A New Study Says Lesbian & Bisexual Women May Be More At Risk For Diabetes — Here’s Why

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It's no secret that being a member of the LGBTQ community can be stressful. Even though representation has made huge inroads, it can still be dangerous in certain spaces to present as LGTBQ, and even if one's safety isn't being directly threatened, microaggressions and other instances of daily othering take a toll on one's mental health — for many different communities that experience marginalization. And a new study has found that this stress might even be directly linked to illness, especially for lesbian and bisexual women; it found that stress of this kind may lead to an increased risk of type 2 diabetes.

A number of studies have been done on stress in LGBTQ communities, and extensive evidence has been found to show that societal pressure targets queer folks in unique and harmful ways. Queer people who are multiply marginalized — specifically, who belong to the LGBTQ community and who are also people of color — are particularly prone to experiencing a lot of stressors, according to one study done in 2011, and there simply aren't resources to address these stressors. And research by the Trevor Project, a non-profit that focuses on mental health in LGBTQ young people, in 2017 found that stress levels in queer teens and young adults have spiked during the Trump administration, as the administration works to roll back protections for the LGBTQ community. Stress and its related illnesses, for LGBTQ people, are nothing new — but the specific link to diabetes made by this recent study is a first.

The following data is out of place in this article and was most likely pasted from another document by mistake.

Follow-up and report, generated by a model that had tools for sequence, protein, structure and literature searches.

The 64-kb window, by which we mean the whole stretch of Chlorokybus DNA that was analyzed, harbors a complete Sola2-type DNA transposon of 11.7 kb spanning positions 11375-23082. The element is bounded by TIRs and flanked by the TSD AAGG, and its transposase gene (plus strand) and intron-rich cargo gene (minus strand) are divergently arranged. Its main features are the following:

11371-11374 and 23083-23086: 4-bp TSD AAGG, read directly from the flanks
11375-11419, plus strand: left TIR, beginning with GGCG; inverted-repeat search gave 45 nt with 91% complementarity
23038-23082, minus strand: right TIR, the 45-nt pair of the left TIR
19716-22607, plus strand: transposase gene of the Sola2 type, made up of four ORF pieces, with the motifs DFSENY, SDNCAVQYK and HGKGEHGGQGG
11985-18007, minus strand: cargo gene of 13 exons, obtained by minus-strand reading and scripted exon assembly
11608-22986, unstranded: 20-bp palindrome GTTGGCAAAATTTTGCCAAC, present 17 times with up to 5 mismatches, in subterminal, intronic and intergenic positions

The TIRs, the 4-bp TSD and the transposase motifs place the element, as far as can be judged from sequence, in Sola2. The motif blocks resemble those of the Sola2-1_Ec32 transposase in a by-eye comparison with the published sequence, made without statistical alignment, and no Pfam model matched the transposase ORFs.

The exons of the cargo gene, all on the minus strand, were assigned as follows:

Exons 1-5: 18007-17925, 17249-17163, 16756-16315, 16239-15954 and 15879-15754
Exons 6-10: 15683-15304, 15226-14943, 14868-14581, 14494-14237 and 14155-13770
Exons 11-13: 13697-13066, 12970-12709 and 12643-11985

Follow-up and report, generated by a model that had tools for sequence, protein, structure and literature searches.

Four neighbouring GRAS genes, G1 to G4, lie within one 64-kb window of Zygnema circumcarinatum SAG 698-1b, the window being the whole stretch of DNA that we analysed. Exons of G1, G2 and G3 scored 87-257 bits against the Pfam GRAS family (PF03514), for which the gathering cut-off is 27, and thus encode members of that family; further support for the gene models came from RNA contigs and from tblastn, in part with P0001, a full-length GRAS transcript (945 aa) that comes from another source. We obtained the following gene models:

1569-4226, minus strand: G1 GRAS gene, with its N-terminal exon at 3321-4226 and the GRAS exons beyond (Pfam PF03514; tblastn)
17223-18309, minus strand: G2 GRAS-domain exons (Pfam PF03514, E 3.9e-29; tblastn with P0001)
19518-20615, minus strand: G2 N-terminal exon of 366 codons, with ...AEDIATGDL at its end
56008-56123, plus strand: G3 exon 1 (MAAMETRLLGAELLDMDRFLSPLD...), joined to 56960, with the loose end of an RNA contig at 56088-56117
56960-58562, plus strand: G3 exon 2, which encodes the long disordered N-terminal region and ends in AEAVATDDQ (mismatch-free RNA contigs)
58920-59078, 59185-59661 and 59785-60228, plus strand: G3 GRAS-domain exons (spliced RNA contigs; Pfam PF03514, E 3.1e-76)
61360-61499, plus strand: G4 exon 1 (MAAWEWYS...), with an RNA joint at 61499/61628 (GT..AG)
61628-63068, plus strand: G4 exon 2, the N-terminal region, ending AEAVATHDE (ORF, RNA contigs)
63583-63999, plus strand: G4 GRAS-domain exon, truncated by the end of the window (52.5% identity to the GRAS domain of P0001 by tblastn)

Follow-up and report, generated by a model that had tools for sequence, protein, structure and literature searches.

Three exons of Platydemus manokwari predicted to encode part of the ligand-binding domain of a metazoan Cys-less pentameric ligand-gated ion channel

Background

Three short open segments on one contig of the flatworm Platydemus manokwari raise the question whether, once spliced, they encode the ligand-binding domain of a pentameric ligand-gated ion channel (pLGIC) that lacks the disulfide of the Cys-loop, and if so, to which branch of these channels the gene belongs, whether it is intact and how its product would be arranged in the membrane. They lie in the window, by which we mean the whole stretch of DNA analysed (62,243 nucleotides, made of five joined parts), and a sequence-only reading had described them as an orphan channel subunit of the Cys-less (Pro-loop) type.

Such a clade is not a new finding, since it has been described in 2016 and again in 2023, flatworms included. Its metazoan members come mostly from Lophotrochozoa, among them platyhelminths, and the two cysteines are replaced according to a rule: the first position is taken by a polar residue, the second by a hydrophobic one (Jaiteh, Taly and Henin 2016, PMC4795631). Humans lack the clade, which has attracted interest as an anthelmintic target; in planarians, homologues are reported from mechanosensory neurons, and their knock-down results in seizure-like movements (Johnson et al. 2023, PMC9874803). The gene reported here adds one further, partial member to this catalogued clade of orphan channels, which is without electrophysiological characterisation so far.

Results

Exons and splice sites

The 24-year study looked at 94,250 women in the U.S., of whom 1,267 identified as lesbian or bisexual and 92,983 said they were heterosexual. All were between 24 and 44. Starting in 1989, the study examined health outcomes in the cohort of women, and found something surprising: the lesbian and bisexual women were 27 percent more likely to develop type 2 diabetes than the straight ones. The women who identified as lesbian or bisexual were also more likely to develop diabetes younger than the women who identified as straight.

Diabetes is an autoimmune condition that affects the body's relationship to insulin, a hormone that helps regulate your glucose levels. For people with type 1 diabetes, which is often called 'juvenile' diabetes because the age of onset is fairly young the body doesn't produce insulin, according to the U.S. National Library of Medicine. For people with type 2 diabetes, which is acquired with age, the body doesn't manage its insulin levels well, leading to blood sugar spikes and crashes that impact one's energy levels.

The study couldn't identify precisely why stress in lesbian and bisexual women lead to type 2 diabetes, but the scientists behind it have a pretty good idea. The risk of developing type 2 diabetes spikes in people who are obese, who smoke, and who consume a lot of alcohol, the risk of which also spikes as people experience more stress in their lives. We know from previous research that people in the queer community tend to drink more than straight people do, again as a result of stress. They also smoke more, and lesbian and bisexual women are more likely to be overweight or obese compared to heterosexual women, according to the Office Of Disease Prevention. These are all outcomes related to every day stress, but doesn't take into account possible trauma-related stressors that the LGBTQ community may be more likely to come in contact with.

All of this adds up, with potentially dangerous consequences. And the end result, for lesbian and bisexual women, appears to be a heightened risk of a health problem that deserves attention.